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Motion claiming Ohio violated the Voting Rights Act is rejected by federal court

redistricting map
Ohio Redistricting Commission
Congressional map adopted by the Ohio Redistricting Commission on March 2, 2022 by a 5 to 2 vote.

A three-judge panel has determined not to move further on a request to stop the certification of the May 3 congressional primaries.

The group argued the results should not be certified because racial demographics were not considered when drawing the new district map — which was adopted by the Ohio Redistricting Commission on March 2.

The motion was made by Percy Squire, an attorney representing Rev. Kenneth Simon, Rev. Lewis Macklin and Helen Youngblood. Squire attached the argument to a case involving Ohio's state legislative district maps, in which he was already an intervenor.

The original case — filed by Republican voters — argued that state officials were at an impasse and therefore unable to adopt new Ohio House and Ohio Senate district maps before the May 3 primary. Those plaintiffs asked for the federal court to pick maps that were already found unconstitutional by the Ohio Supreme Court.

In his ruling, U.S. District Judge Algenon Marbley said the motion by the Youngstown-area voters was outside of the scope of the original case.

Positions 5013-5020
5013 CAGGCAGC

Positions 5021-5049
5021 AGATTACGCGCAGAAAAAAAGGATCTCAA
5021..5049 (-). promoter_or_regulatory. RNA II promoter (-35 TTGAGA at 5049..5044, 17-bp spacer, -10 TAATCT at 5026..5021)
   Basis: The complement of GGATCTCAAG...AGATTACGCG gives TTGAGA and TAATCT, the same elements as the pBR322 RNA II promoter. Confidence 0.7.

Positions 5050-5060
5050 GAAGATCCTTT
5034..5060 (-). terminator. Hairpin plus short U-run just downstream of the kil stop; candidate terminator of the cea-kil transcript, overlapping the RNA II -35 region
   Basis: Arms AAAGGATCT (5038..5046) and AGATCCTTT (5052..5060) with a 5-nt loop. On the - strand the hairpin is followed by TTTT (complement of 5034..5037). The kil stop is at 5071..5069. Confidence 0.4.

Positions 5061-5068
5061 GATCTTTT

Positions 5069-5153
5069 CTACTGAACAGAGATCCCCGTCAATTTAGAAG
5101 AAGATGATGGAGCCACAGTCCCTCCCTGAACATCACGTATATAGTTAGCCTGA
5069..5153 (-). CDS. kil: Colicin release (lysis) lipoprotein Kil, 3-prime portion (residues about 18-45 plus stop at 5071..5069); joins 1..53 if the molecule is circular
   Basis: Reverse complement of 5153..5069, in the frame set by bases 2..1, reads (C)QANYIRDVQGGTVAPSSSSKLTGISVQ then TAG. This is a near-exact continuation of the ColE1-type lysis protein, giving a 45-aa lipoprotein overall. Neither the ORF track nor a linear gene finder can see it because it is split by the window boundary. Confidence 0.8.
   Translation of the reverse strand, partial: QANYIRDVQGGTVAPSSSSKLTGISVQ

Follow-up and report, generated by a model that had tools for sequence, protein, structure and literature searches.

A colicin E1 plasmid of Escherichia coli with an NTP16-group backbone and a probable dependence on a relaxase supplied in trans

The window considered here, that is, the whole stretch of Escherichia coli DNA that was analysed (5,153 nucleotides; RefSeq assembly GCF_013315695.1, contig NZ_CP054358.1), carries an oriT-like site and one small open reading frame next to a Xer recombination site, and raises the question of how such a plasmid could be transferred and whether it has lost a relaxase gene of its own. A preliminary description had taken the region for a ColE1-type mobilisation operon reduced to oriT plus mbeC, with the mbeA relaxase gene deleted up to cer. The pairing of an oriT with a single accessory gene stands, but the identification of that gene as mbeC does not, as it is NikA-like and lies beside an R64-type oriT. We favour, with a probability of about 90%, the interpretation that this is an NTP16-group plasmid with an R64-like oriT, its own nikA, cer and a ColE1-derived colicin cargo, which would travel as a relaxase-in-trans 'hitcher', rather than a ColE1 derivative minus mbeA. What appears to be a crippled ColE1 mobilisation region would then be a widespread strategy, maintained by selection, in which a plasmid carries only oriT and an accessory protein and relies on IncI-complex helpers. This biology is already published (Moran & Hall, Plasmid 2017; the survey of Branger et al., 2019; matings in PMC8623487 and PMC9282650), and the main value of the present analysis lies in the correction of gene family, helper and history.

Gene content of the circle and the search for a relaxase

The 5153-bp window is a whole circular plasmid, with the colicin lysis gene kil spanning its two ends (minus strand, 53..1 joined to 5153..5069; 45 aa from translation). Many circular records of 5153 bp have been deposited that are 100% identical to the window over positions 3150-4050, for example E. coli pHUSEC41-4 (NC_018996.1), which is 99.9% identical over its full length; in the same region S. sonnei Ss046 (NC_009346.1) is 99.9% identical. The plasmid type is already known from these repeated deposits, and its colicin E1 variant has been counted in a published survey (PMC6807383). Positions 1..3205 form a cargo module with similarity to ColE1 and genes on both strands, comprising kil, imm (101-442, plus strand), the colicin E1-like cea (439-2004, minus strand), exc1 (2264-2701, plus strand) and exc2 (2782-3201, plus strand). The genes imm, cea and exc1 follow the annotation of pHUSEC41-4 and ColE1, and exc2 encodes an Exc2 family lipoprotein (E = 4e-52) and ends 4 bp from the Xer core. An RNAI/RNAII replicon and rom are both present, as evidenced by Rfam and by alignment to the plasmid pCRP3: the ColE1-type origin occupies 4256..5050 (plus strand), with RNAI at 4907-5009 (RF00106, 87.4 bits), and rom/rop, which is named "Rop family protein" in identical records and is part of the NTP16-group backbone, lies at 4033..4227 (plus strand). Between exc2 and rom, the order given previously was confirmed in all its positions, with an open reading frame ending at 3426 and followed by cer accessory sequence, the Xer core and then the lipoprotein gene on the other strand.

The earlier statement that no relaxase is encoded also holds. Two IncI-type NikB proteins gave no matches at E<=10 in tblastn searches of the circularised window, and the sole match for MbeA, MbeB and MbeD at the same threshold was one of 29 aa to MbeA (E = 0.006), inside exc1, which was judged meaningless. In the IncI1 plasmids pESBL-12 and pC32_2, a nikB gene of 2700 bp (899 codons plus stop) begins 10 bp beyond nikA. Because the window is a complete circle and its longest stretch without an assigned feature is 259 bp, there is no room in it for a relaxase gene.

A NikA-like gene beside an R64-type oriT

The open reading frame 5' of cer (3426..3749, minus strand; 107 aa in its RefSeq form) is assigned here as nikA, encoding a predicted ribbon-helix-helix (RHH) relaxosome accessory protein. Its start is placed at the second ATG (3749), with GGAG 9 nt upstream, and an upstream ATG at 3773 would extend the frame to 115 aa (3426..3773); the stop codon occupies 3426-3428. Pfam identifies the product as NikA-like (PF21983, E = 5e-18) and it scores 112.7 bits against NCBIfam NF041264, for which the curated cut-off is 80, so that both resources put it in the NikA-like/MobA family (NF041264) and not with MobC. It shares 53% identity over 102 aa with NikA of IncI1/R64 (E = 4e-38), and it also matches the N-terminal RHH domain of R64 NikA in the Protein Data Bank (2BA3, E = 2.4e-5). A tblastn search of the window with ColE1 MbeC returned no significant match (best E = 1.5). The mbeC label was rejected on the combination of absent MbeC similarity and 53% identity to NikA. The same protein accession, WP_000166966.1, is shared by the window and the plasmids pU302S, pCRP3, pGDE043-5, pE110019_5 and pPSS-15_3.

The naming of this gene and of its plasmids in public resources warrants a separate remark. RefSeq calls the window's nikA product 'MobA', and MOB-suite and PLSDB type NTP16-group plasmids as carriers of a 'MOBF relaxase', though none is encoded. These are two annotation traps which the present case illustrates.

"When this court (then sitting as a single district judge) permitted the Simon Parties to intervene, it made clear that their role in the case is to ensure an appropriate remedy on the underlying dispute over state legislative districts," Marbley wrote. "The court did not contemplate sweeping congressional redistricting, which is a wholly distinct process, into this lawsuit."

On Monday, Squire argued before the court that Ohio's 15-district congressional map — which was passed by Republicans on the Ohio Redistricting Commission then invalidated by the supreme court — violates the Voting Rights Act because there was no consideration for racial demographics.

Donald Brey, attorney for the Republican plaintiffs, said the court's decision removes what could have been a distraction from the original filing against the state legislative redistricting process.

"It's a totally different argument, it's a different structure, it's a different issue," said Brey.

Objections to the congressional map Ohio is using for the May 3 primary have already been filed in the state supreme court, however, that argument is not expected to take place until after the primary.